Wacker Neuson Electrifying Intermat

There is little doubt that Germany’s Wacker Neuson is treating the upcoming Intermat construction equipment show in Paris as a coming out party for its new lines of electric-powered machines. 

The Munich-based manufacturer said it will make three announcements ahead of Intermat, to be held April 24 through the 28th at the Parc des Expositions, Paris Nord Villepinte.

The first announcement was the launch of fully battery-powered mini excavator the model EZ17e. The company said the new model EZ17e is designed to perform and handle like a diesel-powered model.  

The electric, zero-tail EZ17e mini excavator is the latest addition to the range and will be available in 2019. With its zero emissions series, the company said its strategy is to offer an alternative to conventional drives in each of its main product groups.

The EZ17e from Wacker Neuson can run entirely on its battery but can also be operated while connected to the main power – and even charged while in operation – thanks to a smart charging management system.

The EZ17e is powered by lithium-ion technology batteries, with Wacker Neuson said a fully electric excavator can to be operated for a complete working day. The battery can be charged overnight via a domestic socket (110-230 V), or in just four hours using a high-voltage current.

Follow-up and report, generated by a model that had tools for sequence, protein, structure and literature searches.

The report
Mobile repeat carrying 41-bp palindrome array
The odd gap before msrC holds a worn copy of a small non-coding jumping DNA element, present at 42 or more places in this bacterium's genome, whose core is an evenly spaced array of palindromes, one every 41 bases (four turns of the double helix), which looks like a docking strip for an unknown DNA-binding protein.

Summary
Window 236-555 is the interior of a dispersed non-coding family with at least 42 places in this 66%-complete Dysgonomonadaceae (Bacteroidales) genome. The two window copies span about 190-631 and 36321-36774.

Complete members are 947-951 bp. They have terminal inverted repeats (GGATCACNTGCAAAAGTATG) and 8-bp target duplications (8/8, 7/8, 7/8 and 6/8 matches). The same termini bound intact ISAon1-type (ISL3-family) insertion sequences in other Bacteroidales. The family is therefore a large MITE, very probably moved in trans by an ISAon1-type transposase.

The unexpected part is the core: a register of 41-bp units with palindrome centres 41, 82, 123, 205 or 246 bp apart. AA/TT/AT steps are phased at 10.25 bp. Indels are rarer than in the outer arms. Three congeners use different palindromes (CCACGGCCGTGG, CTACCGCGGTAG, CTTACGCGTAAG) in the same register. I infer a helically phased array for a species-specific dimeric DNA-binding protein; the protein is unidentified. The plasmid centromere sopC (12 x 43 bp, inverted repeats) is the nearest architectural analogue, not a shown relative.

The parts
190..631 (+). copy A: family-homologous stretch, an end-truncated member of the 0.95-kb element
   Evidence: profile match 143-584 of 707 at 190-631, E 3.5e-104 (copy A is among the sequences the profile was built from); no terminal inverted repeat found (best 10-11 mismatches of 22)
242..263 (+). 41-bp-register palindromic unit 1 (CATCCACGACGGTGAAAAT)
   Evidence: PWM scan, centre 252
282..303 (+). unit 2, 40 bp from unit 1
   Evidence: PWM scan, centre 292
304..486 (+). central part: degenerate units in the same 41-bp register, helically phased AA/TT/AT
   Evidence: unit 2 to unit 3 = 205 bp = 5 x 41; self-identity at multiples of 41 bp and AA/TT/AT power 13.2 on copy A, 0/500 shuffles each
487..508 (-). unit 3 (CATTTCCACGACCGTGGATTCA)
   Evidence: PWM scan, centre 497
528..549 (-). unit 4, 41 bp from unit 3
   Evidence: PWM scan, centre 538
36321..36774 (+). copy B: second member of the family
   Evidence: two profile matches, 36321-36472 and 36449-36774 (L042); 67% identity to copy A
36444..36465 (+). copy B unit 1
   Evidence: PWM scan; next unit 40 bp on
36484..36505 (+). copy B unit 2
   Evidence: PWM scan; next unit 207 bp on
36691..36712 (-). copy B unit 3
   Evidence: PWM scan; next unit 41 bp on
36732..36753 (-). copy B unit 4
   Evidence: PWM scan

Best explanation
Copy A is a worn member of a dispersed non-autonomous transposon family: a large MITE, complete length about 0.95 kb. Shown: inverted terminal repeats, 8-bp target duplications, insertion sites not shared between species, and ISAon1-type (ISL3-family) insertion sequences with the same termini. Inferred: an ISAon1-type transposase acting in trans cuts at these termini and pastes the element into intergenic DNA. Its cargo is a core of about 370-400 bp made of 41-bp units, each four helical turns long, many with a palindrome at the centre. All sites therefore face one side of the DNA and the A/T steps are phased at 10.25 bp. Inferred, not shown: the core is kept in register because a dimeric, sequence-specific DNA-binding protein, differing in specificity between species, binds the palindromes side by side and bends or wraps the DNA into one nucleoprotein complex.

The second announcement is will be Wacker Neuson showcasing its battery-powered AP1850e vibratory plate. The AP1850e single-direction vibratory plate targeted for compacting granular surfaces and asphalt. With a modular design, the plate’s battery modules can also be used in Wacker Neuson’s battery-powered rammers, making this model even more flexible and cost effective. The AP1850e is available from all Wacker Neuson sales partners.

The third products to be shown will be two quiet, emissions-free wheel loaders–. the model WL20e from Wacker Neuson and the model 5055e from Kramer.  Both units can operate for up to eight hours and thanks to their integrated chargers, can be fully recharged in a short period of time, Wacker Neuson said.  Because of the electric drives, the two units will actually be operated inside the exhibit hall at Intermat.